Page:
[00:03:08] That's phenomenal. That's awesome. Your parents gave you that exposure and opportunity. That's pretty cool to be able to live in so many different countries at a young age, get exposed to different, and not just going there for a, vacation, for one to two weeks, but you're immersed in that culture for a longer period of time.
[00:03:24] So understand American culture, but then you have to get exposed and adapt to a different culture. It's not easy. And you've gone through that. That must be something that you can put to work on every day. Do you see that come in handy for you being able to interact and, understand different cultures?
[00:03:39] And we live in a global, business world now, have you seen that, give you some memories of how to deal with different cultures and adapt. And have you put that to use in your day to day work? I think so. Especially because it is a far more global work environment now, just being aware that different countries work on different days, not everybody has the American weekend, different cultures have different religious holidays.
[00:04:04] And it makes me more sensitive to not stepping on people's toes and even different, English speaking countries are very different, right? There are different terms versus British English and, and American English and even Australian English. So it's, it just makes me more aware and probably makes me ask more questions.
[00:04:24] Did you mean this or that to make sure that I have a clear understanding of what everybody is intending by what they say? . Thanks for sharing about your personal situation as well. I feel like I, blurt a lot of things out, all the time. We all have some of these going on.
[00:04:42] Hopefully, the stuff I bird out, as I, it doesn't offend people, but I appreciate you being honest and direct and that's important in the world that we live in it's it's great. So yeah, so you were traveling with your family, you were exposed to different cultures, then you went to school and, in Texas, you went to UT Austin, and then tell us a little bit about how you got into.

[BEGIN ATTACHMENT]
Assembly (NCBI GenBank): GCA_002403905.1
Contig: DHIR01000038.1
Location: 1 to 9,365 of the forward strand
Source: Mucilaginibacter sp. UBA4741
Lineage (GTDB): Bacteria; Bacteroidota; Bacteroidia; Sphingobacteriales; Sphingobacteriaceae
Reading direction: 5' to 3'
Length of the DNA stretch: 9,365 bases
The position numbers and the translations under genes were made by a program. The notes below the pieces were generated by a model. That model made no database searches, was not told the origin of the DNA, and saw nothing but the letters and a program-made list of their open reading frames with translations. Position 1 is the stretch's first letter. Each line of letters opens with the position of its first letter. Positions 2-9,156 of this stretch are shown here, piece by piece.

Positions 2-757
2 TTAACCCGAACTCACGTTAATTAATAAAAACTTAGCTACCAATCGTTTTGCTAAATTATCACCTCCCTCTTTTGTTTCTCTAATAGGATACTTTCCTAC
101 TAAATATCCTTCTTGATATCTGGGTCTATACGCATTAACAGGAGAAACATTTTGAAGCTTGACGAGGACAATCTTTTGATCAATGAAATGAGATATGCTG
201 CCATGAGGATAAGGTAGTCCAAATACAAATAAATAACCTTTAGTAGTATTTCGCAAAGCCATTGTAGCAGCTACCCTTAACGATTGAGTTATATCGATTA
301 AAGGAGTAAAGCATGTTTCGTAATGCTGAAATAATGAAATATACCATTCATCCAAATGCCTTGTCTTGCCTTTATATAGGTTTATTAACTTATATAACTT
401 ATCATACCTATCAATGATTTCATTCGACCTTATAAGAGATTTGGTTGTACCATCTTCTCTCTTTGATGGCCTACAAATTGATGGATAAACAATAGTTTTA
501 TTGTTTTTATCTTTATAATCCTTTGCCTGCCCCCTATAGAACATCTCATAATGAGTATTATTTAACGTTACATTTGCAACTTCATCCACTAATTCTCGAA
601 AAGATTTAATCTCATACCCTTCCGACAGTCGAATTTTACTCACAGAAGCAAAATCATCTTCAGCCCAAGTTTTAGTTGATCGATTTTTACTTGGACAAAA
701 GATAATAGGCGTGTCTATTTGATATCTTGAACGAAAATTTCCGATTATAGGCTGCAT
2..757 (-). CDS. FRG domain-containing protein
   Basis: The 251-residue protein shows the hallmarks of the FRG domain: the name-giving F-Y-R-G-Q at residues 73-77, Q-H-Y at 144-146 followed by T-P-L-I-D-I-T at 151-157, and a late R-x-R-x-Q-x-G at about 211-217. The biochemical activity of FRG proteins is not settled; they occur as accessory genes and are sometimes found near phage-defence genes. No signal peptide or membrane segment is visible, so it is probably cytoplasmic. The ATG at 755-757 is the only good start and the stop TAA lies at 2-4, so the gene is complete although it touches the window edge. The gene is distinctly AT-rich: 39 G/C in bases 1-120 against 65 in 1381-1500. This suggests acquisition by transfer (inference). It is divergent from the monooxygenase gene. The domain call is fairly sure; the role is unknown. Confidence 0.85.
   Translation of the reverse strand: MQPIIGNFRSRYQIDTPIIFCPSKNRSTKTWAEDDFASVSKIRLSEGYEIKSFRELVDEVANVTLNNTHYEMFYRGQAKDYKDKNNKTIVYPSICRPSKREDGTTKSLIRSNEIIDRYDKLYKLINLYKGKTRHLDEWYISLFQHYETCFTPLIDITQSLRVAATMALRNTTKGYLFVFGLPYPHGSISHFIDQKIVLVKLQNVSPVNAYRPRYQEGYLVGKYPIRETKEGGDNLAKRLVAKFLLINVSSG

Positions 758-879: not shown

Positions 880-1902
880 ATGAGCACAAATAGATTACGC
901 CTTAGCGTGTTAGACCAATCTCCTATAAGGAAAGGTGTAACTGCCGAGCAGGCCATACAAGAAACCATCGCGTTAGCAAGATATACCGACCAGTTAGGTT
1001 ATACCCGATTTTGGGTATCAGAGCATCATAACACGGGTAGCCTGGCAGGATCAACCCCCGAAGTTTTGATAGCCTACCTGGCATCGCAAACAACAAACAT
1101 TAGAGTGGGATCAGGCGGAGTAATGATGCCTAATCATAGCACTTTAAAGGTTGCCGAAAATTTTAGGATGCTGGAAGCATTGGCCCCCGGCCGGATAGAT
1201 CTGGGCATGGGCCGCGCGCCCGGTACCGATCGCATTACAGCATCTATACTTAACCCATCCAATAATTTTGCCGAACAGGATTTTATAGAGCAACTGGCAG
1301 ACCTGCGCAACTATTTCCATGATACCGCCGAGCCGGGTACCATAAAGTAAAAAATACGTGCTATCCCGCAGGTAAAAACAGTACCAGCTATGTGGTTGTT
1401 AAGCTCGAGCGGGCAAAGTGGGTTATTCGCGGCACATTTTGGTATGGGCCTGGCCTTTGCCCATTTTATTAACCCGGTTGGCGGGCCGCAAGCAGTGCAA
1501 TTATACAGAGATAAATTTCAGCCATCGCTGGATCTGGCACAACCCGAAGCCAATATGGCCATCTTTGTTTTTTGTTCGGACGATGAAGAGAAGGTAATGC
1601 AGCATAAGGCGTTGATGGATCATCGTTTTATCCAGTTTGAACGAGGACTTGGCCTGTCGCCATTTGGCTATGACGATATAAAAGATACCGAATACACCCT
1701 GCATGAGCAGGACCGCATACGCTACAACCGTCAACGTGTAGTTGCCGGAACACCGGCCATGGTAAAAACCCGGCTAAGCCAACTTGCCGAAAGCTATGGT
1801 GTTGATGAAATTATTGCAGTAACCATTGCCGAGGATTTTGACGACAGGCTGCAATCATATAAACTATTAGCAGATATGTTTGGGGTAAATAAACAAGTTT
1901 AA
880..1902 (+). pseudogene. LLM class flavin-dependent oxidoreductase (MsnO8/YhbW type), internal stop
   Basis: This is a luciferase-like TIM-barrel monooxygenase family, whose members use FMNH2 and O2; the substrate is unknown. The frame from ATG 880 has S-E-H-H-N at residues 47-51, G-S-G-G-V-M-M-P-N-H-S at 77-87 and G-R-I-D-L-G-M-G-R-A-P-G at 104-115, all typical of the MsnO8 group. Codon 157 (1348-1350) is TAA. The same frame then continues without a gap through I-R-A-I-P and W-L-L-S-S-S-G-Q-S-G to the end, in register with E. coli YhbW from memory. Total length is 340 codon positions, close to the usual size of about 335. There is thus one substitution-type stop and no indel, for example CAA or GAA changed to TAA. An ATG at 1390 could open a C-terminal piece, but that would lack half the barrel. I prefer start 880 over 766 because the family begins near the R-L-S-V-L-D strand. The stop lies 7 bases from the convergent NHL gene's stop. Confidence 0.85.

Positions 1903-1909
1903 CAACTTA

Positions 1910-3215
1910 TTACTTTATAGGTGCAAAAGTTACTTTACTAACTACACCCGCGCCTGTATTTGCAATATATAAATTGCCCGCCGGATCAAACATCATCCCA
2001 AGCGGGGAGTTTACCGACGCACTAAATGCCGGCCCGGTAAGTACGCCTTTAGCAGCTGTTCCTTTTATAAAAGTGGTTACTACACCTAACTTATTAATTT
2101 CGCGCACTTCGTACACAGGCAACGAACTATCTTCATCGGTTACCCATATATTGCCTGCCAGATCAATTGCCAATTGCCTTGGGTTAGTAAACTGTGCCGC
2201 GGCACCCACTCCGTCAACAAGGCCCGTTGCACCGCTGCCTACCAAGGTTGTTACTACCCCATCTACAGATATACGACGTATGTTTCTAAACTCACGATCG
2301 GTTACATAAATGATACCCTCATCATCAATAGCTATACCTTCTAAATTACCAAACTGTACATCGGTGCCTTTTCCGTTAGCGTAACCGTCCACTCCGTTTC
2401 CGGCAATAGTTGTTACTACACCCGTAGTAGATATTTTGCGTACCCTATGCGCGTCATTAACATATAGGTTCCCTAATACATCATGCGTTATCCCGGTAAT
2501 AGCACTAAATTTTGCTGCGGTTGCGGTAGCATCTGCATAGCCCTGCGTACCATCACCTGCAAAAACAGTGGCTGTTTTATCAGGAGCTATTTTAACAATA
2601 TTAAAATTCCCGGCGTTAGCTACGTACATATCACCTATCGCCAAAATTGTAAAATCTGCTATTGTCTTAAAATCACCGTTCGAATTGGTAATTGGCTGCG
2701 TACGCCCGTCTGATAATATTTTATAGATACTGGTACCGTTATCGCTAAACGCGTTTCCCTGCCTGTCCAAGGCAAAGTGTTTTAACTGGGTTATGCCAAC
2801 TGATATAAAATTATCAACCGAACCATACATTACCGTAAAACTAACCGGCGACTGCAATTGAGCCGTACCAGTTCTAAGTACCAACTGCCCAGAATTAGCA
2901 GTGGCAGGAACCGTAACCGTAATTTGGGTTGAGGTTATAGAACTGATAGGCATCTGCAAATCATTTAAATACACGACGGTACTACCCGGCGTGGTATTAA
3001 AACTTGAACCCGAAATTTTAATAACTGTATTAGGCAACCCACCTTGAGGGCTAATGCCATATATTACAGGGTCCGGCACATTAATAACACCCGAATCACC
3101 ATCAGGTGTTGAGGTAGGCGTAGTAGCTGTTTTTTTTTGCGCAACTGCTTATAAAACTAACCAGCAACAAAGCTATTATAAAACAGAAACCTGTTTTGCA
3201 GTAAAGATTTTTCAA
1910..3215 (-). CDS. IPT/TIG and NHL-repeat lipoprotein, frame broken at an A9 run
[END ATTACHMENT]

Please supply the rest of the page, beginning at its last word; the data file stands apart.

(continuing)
[00:05:05] The work you're doing now, worked at various different companies. I know you've got, some credentials, Lean Six Sigma Black Belt . I think you're the first, person on our podcast, that has that certification. I know you care about that a lot. I go through educational sessions to keep that updated.
[00:05:22] I know you're also a contributor at ICMI. So I'd like to learn a little bit more about, how you got to where you are now. And a little bit about some of these credentials that you have and, some of the contributions you make, in, in our space. Yeah, absolutely. When I graduated from university, I went straight into a tech support type of a role.
[00:05:41] And, then I went into training technical. This was, this was a hundred years ago, so it's back when everybody was just learning about Microsoft Windows and what, so I was a stand up trainer for a while and then I worked in a contact center and my whole entire career has always been in services.
[00:05:59] Along the way for those services, I had to stop and ask myself, What in my personality is a career? What is there about me that I can leverage to be happier at work to make sure that I'm you know delivering the best I can and not they always say, you know If you do something you're passionate about you'll never work a day in your life.